AWS EMR, zeppelin

EMR Zeppelin Security

Apache Shiro is part of the installation of EMR with the options below:

  • Basic authentication (via Apache SHIRO): user management (user,pass,groups), even LDAP

  • notebook permissions management: read/write/share

  • Data source authorization (e.g 3rd party DB):


Adding HTTPS/SSL to the EMR Zeppelin GUI (3 options)


Walkthrough to add https to Zeppelin:

1) Generating PKCS1 keystore file : Log into the master instance of the EMR cluster and run the following commands:

openssl req -newkey rsa:2048 -nodes -keyout key.pem -x509 -days 365 -out certificate.pem

openssl x509 -text -noout -in certificate.pem

openssl pkcs12 -inkey key.pem -in certificate.pem -export -out certificate.p12

openssl pkcs12 -in certificate.p12 -noout -info

Please enter the public DNS name of the master node when asked for hostname. The above commands would create a file named: /home/hadoop/certificate.p12 This file is your certificate


2) Change the below properties in the zeppelin-site.xml file located at /etc/zeppelin/conf.dist/zeppelin-site.xml (If not present, copy the /etc/zeppelin/conf.dist/zeppelin-site.xml.template file and rename)



Should SSL be used by the servers?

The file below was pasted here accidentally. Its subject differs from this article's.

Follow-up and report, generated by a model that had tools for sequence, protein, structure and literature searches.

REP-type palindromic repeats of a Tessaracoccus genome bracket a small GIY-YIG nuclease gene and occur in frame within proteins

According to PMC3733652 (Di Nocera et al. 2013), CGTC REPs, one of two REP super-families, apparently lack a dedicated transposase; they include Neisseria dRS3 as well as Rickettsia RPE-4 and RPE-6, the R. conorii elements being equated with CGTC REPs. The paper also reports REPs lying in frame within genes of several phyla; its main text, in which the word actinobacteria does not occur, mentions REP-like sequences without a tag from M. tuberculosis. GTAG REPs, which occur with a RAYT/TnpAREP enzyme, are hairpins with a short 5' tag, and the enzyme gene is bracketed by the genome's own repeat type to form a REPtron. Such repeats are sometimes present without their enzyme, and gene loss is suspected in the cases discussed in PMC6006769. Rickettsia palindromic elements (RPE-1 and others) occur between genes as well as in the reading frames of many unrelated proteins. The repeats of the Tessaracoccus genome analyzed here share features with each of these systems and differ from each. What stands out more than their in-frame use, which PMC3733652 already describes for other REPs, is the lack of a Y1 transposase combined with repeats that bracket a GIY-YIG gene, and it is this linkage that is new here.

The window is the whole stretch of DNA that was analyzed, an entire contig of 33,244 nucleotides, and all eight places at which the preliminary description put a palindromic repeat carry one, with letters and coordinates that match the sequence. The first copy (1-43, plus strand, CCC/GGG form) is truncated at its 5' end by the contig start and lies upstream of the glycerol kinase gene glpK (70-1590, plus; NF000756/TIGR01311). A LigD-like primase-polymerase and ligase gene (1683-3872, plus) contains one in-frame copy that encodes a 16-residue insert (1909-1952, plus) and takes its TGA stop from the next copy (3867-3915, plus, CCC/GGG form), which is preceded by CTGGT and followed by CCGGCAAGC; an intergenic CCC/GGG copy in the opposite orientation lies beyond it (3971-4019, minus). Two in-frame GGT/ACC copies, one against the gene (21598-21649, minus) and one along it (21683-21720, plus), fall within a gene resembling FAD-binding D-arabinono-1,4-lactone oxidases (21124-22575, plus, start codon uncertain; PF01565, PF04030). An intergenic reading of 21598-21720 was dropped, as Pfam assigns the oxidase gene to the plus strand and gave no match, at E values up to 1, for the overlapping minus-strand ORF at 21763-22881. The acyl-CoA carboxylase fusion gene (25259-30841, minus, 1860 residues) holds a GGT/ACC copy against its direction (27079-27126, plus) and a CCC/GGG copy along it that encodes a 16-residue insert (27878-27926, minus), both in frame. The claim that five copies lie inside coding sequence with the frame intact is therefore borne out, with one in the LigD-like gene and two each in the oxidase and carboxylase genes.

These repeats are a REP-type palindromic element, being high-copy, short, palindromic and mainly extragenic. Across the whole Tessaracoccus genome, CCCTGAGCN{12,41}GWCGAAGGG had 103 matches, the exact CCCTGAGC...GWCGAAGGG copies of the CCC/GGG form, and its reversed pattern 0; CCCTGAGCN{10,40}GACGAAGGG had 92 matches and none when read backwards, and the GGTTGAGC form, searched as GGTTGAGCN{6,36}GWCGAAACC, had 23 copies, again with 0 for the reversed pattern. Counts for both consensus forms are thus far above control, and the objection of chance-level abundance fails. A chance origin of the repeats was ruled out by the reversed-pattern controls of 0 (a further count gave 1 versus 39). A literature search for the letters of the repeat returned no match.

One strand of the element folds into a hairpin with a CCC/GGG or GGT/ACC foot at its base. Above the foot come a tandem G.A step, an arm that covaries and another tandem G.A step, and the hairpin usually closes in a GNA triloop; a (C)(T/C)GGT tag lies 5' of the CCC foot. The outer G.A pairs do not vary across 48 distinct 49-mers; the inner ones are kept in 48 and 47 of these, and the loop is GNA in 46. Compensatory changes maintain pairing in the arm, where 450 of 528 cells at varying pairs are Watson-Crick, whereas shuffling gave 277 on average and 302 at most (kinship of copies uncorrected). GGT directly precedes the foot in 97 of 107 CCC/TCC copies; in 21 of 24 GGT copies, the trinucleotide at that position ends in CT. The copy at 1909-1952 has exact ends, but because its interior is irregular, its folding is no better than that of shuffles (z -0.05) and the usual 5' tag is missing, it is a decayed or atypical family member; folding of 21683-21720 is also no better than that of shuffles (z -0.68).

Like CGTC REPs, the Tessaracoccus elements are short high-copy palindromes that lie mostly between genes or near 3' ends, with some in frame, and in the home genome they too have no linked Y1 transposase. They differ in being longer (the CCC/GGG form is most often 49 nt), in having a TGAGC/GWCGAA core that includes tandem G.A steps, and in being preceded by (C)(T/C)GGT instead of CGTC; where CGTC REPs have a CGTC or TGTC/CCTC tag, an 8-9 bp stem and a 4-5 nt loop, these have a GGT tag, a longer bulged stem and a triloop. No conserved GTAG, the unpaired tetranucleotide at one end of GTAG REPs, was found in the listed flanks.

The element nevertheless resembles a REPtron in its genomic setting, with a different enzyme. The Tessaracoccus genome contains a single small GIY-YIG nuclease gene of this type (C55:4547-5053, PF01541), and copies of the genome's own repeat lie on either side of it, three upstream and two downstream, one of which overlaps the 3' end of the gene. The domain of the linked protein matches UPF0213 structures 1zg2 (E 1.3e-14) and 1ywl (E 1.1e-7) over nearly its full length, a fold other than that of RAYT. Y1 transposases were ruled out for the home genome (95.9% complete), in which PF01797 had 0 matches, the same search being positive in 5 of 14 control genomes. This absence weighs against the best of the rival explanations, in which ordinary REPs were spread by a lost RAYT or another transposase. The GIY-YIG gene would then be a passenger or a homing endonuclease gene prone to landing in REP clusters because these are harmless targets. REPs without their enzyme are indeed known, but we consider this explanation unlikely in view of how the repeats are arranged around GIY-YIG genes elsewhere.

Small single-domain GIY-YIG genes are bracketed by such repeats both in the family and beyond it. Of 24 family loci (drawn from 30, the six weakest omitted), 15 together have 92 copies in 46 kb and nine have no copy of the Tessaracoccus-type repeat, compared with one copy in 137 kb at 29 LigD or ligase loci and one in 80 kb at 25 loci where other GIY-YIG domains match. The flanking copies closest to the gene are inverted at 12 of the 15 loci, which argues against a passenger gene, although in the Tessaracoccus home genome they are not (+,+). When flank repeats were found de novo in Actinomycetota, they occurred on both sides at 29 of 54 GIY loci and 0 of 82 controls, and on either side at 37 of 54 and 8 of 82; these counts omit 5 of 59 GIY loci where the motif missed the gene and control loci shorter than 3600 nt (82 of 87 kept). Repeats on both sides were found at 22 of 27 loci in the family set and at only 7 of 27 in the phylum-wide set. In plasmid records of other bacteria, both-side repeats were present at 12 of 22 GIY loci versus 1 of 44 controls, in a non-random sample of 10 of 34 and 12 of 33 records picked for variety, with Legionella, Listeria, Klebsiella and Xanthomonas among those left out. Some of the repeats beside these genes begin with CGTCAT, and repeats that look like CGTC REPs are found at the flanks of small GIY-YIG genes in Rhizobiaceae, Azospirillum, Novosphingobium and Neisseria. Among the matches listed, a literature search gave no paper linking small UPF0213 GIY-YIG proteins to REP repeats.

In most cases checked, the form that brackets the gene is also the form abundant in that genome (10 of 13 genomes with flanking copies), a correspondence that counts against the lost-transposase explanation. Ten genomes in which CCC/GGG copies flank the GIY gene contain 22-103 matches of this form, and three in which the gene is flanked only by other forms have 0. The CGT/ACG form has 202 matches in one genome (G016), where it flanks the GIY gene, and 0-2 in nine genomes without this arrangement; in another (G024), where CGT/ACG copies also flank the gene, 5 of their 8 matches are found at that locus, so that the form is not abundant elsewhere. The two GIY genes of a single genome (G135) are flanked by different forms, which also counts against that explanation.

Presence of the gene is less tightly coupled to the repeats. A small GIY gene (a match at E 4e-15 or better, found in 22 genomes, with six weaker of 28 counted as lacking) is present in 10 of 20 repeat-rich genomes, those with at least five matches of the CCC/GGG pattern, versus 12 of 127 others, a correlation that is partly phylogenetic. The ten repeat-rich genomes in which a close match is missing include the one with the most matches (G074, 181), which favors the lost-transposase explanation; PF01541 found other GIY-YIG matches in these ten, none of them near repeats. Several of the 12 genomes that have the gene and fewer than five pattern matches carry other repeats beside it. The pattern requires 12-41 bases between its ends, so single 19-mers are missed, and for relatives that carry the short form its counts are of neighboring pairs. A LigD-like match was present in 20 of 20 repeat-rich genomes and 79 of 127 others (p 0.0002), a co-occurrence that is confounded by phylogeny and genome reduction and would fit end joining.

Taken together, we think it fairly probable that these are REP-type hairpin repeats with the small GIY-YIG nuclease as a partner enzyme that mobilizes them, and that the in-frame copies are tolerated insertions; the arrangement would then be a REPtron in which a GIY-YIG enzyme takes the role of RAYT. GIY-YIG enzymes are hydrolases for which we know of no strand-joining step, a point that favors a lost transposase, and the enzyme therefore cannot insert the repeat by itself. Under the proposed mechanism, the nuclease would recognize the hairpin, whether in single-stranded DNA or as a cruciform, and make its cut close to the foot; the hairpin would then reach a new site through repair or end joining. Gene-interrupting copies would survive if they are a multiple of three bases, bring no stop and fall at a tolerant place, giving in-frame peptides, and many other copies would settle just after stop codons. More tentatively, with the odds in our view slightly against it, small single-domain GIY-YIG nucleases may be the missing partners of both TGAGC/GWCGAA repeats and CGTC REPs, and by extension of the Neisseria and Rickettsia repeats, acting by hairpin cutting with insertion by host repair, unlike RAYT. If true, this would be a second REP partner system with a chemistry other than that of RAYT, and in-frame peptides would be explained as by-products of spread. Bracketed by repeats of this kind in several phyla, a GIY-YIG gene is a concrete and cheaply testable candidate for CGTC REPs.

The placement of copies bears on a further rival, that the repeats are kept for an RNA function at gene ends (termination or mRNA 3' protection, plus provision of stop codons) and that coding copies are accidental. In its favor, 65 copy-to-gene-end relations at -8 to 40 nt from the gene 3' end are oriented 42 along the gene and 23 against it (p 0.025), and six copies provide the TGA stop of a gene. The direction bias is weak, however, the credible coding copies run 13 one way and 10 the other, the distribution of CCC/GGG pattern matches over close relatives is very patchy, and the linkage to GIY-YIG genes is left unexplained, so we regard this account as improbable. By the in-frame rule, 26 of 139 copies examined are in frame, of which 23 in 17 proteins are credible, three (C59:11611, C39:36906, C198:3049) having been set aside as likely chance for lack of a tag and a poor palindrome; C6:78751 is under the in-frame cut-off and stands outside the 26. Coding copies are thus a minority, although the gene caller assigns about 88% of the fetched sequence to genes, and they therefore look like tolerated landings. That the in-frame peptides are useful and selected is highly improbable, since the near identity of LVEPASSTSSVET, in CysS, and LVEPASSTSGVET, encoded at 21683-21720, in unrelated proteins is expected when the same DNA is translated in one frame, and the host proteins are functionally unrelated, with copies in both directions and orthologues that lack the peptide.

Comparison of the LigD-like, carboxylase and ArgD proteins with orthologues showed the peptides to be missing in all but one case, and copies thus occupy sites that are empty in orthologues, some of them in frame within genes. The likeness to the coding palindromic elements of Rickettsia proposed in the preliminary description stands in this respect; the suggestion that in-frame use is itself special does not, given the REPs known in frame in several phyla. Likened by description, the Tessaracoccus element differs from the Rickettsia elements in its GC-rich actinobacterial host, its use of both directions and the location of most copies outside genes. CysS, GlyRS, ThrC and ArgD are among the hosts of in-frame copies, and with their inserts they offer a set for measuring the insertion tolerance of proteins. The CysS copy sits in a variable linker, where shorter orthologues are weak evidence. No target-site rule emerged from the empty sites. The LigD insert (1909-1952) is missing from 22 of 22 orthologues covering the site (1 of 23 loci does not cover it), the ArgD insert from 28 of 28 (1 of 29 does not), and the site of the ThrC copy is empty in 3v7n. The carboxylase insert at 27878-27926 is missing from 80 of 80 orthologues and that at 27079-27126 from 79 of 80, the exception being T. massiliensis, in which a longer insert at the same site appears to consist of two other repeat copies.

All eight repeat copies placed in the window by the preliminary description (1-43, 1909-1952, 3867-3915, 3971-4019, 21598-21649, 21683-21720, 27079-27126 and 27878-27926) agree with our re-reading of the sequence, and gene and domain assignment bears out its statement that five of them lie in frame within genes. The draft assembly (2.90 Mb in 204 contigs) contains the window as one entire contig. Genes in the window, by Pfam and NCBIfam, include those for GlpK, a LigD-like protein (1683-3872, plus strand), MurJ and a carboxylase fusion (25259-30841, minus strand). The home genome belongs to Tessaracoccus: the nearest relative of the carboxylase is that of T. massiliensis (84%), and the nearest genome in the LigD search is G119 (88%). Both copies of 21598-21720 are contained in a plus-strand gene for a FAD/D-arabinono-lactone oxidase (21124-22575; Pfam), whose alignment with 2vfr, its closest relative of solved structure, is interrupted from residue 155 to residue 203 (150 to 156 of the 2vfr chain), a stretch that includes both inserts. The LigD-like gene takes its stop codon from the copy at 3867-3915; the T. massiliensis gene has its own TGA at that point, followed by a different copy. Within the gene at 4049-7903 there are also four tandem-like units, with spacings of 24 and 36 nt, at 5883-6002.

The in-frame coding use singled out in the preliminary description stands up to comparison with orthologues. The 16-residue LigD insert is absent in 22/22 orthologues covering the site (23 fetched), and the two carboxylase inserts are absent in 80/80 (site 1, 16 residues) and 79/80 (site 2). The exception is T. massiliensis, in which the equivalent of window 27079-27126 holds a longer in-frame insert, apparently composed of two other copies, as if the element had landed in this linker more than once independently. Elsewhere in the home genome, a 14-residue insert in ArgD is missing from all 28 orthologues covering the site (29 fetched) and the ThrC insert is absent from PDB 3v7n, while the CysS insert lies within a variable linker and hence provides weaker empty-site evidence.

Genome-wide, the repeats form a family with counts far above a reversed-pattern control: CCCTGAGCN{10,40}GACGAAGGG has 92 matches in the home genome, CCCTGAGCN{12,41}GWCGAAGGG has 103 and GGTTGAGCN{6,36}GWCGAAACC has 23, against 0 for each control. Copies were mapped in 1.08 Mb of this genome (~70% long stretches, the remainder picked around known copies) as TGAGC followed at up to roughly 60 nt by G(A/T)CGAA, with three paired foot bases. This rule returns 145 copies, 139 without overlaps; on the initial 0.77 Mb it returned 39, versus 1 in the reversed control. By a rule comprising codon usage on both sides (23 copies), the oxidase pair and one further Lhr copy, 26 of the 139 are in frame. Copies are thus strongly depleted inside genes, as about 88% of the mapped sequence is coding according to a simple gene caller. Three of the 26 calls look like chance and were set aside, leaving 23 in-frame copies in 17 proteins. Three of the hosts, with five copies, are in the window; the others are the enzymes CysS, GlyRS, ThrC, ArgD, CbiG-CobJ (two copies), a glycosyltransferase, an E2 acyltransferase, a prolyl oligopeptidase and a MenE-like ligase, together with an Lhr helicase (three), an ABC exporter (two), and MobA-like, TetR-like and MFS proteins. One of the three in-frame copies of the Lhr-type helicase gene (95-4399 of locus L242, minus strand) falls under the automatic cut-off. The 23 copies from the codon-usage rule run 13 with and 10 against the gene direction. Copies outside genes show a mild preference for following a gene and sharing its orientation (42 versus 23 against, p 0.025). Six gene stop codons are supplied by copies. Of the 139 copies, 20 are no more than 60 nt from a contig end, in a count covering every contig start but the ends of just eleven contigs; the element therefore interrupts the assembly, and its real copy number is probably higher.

Path to keystore relative to Zeppelin configuration directory



The format of the given keystore (e.g. JKS or PKCS12)



Keystore password.

Can be obfuscated by the Jetty Password tool zeppelin.server.ssl.port 8445 Server ssl port. (used when ssl property is set to true) 3)

Restart Zeppelin :sudo stop zeppelin

sudo start zeppelin

4) You would be able to access Zeppelin over https on port 8445 : https://:8445/#/

User management Via Shiro

Now in order to manage groups/roles, you could create the groups/roles under the “[roles]” section in the “shiro.ini” file. For example, I could have a set of groups like:



    admin = *

    readonly = *

    poweruser = *

    scientist = *

    engineer = *

Then in the “[users]” sections, it could be looking like the below:


    admin = password>, admin

    user1 = password>, scientist, poweruser

    user2 = password>, engineer, poweruser

    user3 = password>, readonly



For example, the above means that:


    – user “admin” is in “admin” group;

    – user “user1”  is in “poweruser” and “scientist” group

    – etc.


    Owners  admin

Writers scientist,engineer,poweruser

Readers readonly


Once the groups/roles are created, the authorization setting will be similar to what described in . For instance, when in a notebook permission page, you can put the group name, instead of the individual users.

good read: recommendation from horton works:


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I put a lot of thoughts into these blogs, so I could share the information in a clear and useful way. If you have any comments, thoughts, questions, or you need someone to consult with, feel free to contact me:

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